Canada's Star Navigation Systems Group Ltd. has created TerraStar, a real-time in-flight safety monitoring system that could make the post-crash search for cockpit voice and flight data recorders -- as well as some crashes -- obsolete. TerraStar tracks, and can continuously encrypt and transmit to ground-based monitoring systems, up to 18,000-plus aircraft parameters per minute. The system filters "out of spec" indications as "alert notifications," which are prioritized in remote aircraft monitoring data feeds that can be accessed in real time, online. In practice, that means that operators on the ground could know about problems with an aircraft before the plane's pilots, or (in the case of distracted or incapacitated pilots) air traffic controllers observe any symptoms. The company believes that capability could not only vastly improve scheduling and maintenance, but also provide operators with the necessary data to break some accident chains before the crash. And, in the case of Air France 447 and the recent Air India crash, it could have provided more information to investigators, immediately, says the company.
The safety pilot has his hands off the controls during an Xwing demonstration flight. Image Credits: Xwing Xwing has scored another win two months after it completed its first gate-to-gate autonomous demonstration flight of a commercial cargo aircraft. The company said Thursday it has raised $40 million at a post-money valuation of $400 million. The company is setting its sights on expansion — not only tripling its engineering team, but eventually running regular fully unmanned commercial cargo flights. Xwing has been developing a technology stack to convert aircraft, including a widely used Cessna Grand Caravan 208B, to function autonomously. But it’s had to solve a few problems first: “the perception problem, the planning problem and the control problem,” Xwing founder Marc Piette explained to TechCrunch. The company has come up with a whole suite of solutions to solve for these problems, including integrating lidar, radar and cameras on the plane; retrofitting the servomotors that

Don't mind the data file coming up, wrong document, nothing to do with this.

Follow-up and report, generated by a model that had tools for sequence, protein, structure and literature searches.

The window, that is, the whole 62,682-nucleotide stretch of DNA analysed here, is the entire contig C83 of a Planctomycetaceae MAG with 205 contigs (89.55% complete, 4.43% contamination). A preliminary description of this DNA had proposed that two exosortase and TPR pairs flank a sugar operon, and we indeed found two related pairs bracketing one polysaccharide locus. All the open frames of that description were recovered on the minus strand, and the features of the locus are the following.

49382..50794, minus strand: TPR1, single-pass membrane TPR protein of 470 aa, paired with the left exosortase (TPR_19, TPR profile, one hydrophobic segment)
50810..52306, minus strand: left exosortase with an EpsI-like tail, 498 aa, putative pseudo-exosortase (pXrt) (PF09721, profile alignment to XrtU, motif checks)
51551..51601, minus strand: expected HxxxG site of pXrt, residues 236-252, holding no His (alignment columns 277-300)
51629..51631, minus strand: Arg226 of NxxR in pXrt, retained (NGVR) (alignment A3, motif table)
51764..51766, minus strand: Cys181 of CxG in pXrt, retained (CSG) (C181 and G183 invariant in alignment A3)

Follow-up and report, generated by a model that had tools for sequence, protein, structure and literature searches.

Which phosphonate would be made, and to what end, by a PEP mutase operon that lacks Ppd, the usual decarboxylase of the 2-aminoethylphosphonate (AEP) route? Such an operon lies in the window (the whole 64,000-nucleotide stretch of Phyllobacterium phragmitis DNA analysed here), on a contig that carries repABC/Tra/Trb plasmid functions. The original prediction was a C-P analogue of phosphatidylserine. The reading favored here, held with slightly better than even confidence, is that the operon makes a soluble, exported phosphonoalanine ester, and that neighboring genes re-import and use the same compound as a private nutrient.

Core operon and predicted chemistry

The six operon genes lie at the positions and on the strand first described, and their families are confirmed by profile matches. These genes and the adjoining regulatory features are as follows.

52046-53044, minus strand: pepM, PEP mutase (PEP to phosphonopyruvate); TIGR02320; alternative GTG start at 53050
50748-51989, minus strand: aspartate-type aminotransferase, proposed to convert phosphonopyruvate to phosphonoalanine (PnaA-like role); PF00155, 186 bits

France moved one step closer this weekend to banning short-haul flights in an attempt to fight the climate crisis . A bill prohibiting regional flights that could be replaced with an existing train journey of less than two and a half hours passed the country's National Assembly late on Saturday, as Reuters reported . "We know that aviation is a contributor of carbon dioxide and that because of climate change we must reduce emissions," Industry Minister Agnes Pannier-Runacher told Europe 1 radio, according to Reuters. The measure now has to pass the French Senate, then return to the lower house for a final vote. It would end regional flights between Paris's Orly airport and cities like Nantes and Bordeaux, The Guardian explained . It would not, however, impact connecting flights through Paris's Charles de Gaulle/Roissy airport. The bill is part of a legislative package which aims to reduce France's emissions by 40 percent of 1990 levels by 2030, Reuters report